One only needs to visit wind-watch.org or other anti-wind farm websites to see that opposition to wind farm projects, whether organic or not, isn't going away anytime soon. Wind watch posts hundreds of articles per month, sometimes as many as twenty a day on wind projects across the globe. Just a quick internet search of projects gives us such news headlines such as "Giant wind farm bid near Hawick slammed as worst yet drawn up" or "Wind farms in Ohio pit environmentalists against some neighbors..." or "Savoy voters reject bylaw allowing taller wind turbines" as just a few quick examples of recent headlines.
What wind farm projects often need is a cohesive public affairs strategy that takes into consideration that invariably, some level of opposition will likely occur to a project, and waiting for that moment to act is already putting your project one step behind. Wind farm projects are not defeated because they are bad projects. They are defeated for a myriad of other reason, often led by fear tactics of the opposition, lack of public outreach by the developer, and project approval being stalled so long, that projects become financially not viable. Every month that goes by when approval of a project is "expected" but then delayed, results in numerous fees and costs that continue for the wind farm developers. Many opponents of projects know that "slowing is as good as stopping" in some cases.
Townships, counties and municipalities are also getting into the "slowing" movement of wind farm growth - with moratoriums. Moratoriums often allow communities to pause the development of wind farms while local zoning ordinances are rewritten or adjusted. The problem for wind farm developers is that these adjustments are almost always detrimental to siting wind projects. So now you need two public relations campaigns - one to educate the public on your actual project, and one to educate the public on the pitfalls of a moratorium. In my two decades of working on development projects, I have never seen a moratorium come "out of the blue". There is always a reason for such actions. So what are the best tools to promote your project, build support and avoid political defeat or stalling of a project?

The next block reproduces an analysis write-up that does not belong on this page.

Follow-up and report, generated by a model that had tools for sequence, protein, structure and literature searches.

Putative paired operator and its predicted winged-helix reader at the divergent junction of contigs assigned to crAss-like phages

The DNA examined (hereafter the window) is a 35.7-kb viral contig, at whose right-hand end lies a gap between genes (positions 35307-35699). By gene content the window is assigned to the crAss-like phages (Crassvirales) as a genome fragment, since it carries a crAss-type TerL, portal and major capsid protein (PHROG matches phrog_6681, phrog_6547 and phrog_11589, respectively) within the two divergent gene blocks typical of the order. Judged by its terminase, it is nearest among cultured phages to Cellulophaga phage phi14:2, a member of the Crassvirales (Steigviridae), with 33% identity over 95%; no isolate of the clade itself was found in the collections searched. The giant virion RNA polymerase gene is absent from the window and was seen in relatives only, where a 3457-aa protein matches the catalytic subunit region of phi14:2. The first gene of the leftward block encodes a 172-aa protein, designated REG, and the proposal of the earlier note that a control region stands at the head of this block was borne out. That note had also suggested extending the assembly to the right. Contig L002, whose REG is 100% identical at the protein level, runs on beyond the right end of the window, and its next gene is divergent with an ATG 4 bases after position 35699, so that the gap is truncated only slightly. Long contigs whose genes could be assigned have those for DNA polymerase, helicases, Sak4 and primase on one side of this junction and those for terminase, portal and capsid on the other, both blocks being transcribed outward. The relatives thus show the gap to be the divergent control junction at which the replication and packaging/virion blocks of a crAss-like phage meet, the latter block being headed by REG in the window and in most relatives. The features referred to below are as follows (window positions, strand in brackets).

GET DIGITAL – Use digital and grassroots campaign tactics to build support amongst members of the community and public officials. To kick off any digital campaign, prepare a thorough website that regularly updates residents, dispels new myths and disseminates new information. Website content should allow the audience to obtain key ideas on project details and benefits without having to do too much reading. Visuals and well-organized content are key to ensuring your message gets across. This website should also include a link that allows people to submit letters of support directly to public officials and elected leaders as well as provide downloadable fact sheets, and any other resources that may help advocates build support.